by Alafair Burke
It’s eighty degrees and I’m writing this from the newly remodeled Washington Square Park, where the fountain – now symmetrically aligned, thanks to Mayor Bloomberg — enthusiastically welcomes in summer by spraying bare-chested SPF’d children and apparently un-SPF’d ripple-abbed men (not that I noticed).
Perhaps because I’m typing this as a crazy-ass homeless dude in a multi-colored wig and butterfly-patterned skirt harangues me about the carry-out lunch that awaits my attention on the bench next to me,* I’ve decided that dog watching is a safer park habit than people watching.** But it’s nearly as interesting.
No day in Washington Square would be complete without the dogs. The big ones. Little ones. Happy ones. Neurotic ones.
And my afternoon of dog watching got me thinking about my relationships with pets. As some of you know, I have a special relationship with my French Bulldog, The Duffer. My tremendous respect for him is reflected even in his name. I wanted to call him Stacy Keach. My reasons should be self-evident.
My husband, however, was perplexed by the choice. “People will think a dog called Stacy is a girl.”
Um… so? And, more importantly, we would not call him Stacy. We would call him Stacy Keach. Every single time. Because that would be his name. My husband put his foot down, but that didn’t mean I was going to cave for some stupid dog name. No Fidos or Fluffies here. But Duffer? Yeah, that might work. But only he had to be THE Duffer. All regal and stuff.
The Duffer’s my first dog, and I have to admit I’m still surprised by the love, affection, and empathy I have for my little friend — and which, yes, I believe he has for me. I truly believe he has moods and feelings and expressions that leap from that one-of-a-kind mug of his. I talk to him constantly and imagine what he would say back to me if only he could.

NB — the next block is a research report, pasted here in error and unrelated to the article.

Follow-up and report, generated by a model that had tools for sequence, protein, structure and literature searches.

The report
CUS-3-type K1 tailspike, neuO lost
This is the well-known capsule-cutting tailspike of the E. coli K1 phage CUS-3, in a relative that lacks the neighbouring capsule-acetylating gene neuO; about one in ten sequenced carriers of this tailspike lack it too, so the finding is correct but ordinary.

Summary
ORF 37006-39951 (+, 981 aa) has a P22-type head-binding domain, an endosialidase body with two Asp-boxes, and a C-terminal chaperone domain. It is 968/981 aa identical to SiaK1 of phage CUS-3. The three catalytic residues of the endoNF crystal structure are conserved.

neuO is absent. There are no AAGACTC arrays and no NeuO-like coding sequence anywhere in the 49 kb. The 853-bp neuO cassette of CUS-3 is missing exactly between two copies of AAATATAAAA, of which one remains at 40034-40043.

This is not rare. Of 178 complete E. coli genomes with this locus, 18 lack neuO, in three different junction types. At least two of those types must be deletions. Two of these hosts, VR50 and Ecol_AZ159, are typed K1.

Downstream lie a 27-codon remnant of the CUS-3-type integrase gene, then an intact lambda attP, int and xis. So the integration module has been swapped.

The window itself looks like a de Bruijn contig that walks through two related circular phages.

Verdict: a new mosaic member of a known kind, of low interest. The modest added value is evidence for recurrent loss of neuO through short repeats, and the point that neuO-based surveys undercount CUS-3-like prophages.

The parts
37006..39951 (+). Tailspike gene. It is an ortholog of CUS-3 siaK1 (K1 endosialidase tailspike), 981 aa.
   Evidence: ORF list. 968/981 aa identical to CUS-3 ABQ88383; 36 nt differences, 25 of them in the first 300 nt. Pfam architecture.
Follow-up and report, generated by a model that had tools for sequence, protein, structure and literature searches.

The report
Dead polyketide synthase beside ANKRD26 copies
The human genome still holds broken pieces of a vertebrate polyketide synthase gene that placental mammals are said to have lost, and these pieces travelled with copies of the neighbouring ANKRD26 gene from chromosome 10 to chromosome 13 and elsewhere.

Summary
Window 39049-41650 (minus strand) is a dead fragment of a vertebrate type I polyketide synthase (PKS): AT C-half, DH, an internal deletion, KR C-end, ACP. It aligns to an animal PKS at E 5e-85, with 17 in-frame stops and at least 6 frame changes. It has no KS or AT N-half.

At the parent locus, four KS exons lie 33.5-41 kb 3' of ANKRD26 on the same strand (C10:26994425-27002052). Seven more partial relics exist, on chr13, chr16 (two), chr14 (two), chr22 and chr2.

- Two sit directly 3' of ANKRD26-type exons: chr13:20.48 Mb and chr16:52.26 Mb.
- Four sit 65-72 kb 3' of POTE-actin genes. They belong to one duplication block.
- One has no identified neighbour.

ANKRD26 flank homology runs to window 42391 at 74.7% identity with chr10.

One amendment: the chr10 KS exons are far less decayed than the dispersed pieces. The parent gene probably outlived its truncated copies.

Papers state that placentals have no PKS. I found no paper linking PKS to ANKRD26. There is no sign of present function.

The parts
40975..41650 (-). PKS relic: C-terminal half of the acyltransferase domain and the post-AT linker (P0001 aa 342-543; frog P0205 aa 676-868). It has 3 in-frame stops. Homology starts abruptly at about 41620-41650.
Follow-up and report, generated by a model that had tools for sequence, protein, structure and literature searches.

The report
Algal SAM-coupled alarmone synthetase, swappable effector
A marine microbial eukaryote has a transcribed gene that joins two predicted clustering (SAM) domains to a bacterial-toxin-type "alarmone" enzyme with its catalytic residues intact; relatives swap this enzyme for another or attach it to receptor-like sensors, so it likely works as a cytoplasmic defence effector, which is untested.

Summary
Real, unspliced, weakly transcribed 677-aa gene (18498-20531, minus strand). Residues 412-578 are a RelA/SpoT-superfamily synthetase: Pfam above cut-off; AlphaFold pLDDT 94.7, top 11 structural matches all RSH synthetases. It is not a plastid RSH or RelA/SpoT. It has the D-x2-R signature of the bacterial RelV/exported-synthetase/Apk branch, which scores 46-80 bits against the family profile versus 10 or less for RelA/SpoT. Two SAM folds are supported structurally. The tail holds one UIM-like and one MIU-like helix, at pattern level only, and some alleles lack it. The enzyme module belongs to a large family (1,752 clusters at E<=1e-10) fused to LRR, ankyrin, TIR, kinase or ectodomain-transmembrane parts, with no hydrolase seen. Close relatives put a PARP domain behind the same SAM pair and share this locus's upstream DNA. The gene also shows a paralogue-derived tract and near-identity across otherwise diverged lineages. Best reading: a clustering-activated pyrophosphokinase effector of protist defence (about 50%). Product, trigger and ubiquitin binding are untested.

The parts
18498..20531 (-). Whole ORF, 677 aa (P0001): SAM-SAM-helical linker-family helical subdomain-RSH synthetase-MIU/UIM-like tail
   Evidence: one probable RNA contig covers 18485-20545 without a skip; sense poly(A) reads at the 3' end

Does this make me insane? Maybe. Or more optimistically, maybe my internal (and sometimes external) running dialogue with the Duff is just a sign of my overactive imagination. Or it could be a recognition that animals, although lacking our ability for language, opposable thumbs, and fire making, have attributes that we chalk up to feelings and emotions in humans, but to our own imaginations in our pets.
I mean, is it not obvious that the dog in this photograph
was in a different mood, and yet the very same silly beast at his core, as in this video? (Warning: NSFW)
Dogs are not alone in their unique personalities. My agent and his wife recently welcomed two new kittens into their home. One is named Ellie Hatcher, and her brother is called Mickey Haller. In light of her namesake (my series protagonist NYPD Detective Ellie Hatcher), I was rooting for Ellie to be one playful yet take-charge, bad-ass mo-fo of a cat. But guess what? It’s her twin brother Mickey (named for Michael Connelly’s Mickey Haller) who’s the rapscallion. If he were a human being, he’d wear overalls, carrying a peanut butter sandwich in one pocket, a slingshot in the other. Mickey’s the feline equivalent of Dennis the Menace.